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Improved grazing management may increase soil carbon sequestration in temperate steppe.

Chen W, Huang D, Liu N, Zhang Y, Badgery WB, Wang X, Shen Y - Sci Rep (2015)

Bottom Line: While deferred grazing (RHM and RMH) sequestered less soil carbon compared to MMM, they showed higher standing root mass, maintained a more desirable pasture composition, and had better ability to retain soil N.Constant high grazing pressure (HHH) caused diminished above- and belowground plant production, more soil N losses and an unfavorable microbial environment and had reduced carbon input.Overall, the soil carbon sequestration in the temperate grassland is affected by the grazing regime that is applied, and grazing can be altered to improve soil carbon sequestration in the temperate steppe.

View Article: PubMed Central - PubMed

Affiliation: Department of Grassland Science, College of Animal Science and Technology, China Agricultural University, West Road 2 Yuan Ming Yuan, Beijing 100193, P.R. China.

ABSTRACT
Different grazing strategies impact grassland plant production and may also regulate the soil carbon formation. For a site in semiarid temperate steppe, we studied the effect of combinations of rest, high and moderate grazing pressure over three stages of the growing season, on the process involved in soil carbon sequestration. Results show that constant moderate grazing (MMM) exhibited the highest root production and turnover accumulating the most soil carbon. While deferred grazing (RHM and RMH) sequestered less soil carbon compared to MMM, they showed higher standing root mass, maintained a more desirable pasture composition, and had better ability to retain soil N. Constant high grazing pressure (HHH) caused diminished above- and belowground plant production, more soil N losses and an unfavorable microbial environment and had reduced carbon input. Reducing grazing pressure in the last grazing stage (HHM) still had a negative impact on soil carbon. Regression analyses show that adjusting stocking rate to ~5SE/ha with ~40% vegetation utilization rate can get the most carbon accrual. Overall, the soil carbon sequestration in the temperate grassland is affected by the grazing regime that is applied, and grazing can be altered to improve soil carbon sequestration in the temperate steppe.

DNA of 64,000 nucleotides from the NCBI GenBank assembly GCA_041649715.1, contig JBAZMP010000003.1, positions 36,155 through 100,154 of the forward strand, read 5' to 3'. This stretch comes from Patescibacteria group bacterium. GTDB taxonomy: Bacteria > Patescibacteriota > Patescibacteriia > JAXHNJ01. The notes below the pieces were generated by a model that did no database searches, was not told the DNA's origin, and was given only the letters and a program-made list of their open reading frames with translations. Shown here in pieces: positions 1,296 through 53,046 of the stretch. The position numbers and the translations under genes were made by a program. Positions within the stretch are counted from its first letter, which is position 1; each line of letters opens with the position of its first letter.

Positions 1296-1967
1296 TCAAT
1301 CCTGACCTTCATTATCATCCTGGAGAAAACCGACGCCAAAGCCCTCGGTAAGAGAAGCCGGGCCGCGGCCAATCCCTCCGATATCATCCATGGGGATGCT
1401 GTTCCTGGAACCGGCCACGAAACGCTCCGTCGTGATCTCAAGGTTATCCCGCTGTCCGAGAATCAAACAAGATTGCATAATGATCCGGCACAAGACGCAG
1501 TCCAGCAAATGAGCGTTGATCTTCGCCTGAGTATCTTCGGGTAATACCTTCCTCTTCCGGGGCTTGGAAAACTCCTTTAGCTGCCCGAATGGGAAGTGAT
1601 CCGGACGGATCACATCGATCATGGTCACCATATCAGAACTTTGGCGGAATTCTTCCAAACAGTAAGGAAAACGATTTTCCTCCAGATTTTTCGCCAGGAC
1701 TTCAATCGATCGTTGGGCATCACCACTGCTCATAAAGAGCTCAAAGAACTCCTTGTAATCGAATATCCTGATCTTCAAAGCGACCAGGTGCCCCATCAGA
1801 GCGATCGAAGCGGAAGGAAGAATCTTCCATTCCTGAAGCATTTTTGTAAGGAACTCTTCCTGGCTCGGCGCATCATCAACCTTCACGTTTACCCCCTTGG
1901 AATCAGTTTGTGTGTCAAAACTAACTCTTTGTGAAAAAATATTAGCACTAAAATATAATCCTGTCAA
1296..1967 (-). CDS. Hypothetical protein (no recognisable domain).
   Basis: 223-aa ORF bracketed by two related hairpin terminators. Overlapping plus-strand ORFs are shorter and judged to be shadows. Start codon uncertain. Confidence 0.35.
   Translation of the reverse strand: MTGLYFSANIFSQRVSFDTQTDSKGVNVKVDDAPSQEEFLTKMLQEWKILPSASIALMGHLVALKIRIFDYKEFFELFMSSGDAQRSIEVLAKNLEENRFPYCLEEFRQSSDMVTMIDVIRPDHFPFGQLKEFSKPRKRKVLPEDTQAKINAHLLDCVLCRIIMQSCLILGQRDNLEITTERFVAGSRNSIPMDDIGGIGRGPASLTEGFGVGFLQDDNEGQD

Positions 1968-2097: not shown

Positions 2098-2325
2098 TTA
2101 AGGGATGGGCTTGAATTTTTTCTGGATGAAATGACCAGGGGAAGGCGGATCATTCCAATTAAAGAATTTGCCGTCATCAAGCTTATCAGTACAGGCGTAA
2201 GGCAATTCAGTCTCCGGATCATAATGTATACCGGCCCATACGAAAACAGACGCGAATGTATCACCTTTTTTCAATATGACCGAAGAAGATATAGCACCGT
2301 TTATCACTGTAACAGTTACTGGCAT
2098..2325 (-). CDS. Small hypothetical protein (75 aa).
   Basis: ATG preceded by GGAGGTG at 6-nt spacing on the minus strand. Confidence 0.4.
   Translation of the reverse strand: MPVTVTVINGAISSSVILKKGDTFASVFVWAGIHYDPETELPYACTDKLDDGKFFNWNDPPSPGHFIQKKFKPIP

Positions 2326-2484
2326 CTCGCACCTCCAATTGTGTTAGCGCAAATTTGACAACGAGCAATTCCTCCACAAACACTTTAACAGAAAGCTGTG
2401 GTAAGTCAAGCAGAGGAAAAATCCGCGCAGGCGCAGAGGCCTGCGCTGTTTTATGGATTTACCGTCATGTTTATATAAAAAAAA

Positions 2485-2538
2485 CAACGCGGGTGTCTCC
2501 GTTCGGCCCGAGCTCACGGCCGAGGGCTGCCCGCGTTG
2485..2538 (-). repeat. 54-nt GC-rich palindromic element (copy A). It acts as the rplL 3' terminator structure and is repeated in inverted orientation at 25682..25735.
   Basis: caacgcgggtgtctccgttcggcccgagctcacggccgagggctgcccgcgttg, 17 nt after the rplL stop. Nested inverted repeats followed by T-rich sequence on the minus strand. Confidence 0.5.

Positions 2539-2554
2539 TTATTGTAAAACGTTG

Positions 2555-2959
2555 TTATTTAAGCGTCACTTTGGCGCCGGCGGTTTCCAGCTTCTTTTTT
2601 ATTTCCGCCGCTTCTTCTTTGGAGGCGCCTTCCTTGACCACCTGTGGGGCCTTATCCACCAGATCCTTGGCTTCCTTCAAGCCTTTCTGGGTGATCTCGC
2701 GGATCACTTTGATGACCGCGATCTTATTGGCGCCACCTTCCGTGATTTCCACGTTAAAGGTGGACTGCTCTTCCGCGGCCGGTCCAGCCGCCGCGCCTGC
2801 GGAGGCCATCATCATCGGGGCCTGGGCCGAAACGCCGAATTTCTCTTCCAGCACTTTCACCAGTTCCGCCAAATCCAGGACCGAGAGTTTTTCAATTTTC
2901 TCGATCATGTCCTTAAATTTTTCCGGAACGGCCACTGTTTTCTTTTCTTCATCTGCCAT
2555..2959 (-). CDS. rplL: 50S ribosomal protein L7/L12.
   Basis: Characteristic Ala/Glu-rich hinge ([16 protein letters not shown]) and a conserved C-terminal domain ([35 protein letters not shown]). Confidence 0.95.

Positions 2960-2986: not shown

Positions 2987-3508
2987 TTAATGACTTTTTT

No MeSH data available.


Related in: MedlinePlus

Soil organic carbon (a) total nitrogen (b) and C:N (c) of 0–30 cm soil layers from different grazing regimes. Different lowercase letters indicate significant differences (P < 0.05) in soil organic carbon, total nitrogen and C:N between treatments. Values are mean ± SE.
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f4: Soil organic carbon (a) total nitrogen (b) and C:N (c) of 0–30 cm soil layers from different grazing regimes. Different lowercase letters indicate significant differences (P < 0.05) in soil organic carbon, total nitrogen and C:N between treatments. Values are mean ± SE.

Mentions: Soil carbon content was affected by grazing and decreased with sampling depth (p < 0.05; Fig. 4a).There were significant interactions (P < 0.05) between grazing and sampling depth. Soil organic carbon change only occurred in the top 0–10 cm of the soil. The soil carbon content of MMM was significantly higher than other regimes (p < 0.05). RHM and RMH showed no difference in soil carbon (p > 0.05), but were significantly higher than HHH and HHM (p < 0.05). The top soil carbon change was positively correlated with the belowground root mass, root production and root turnover rate (Fig. 5a–c).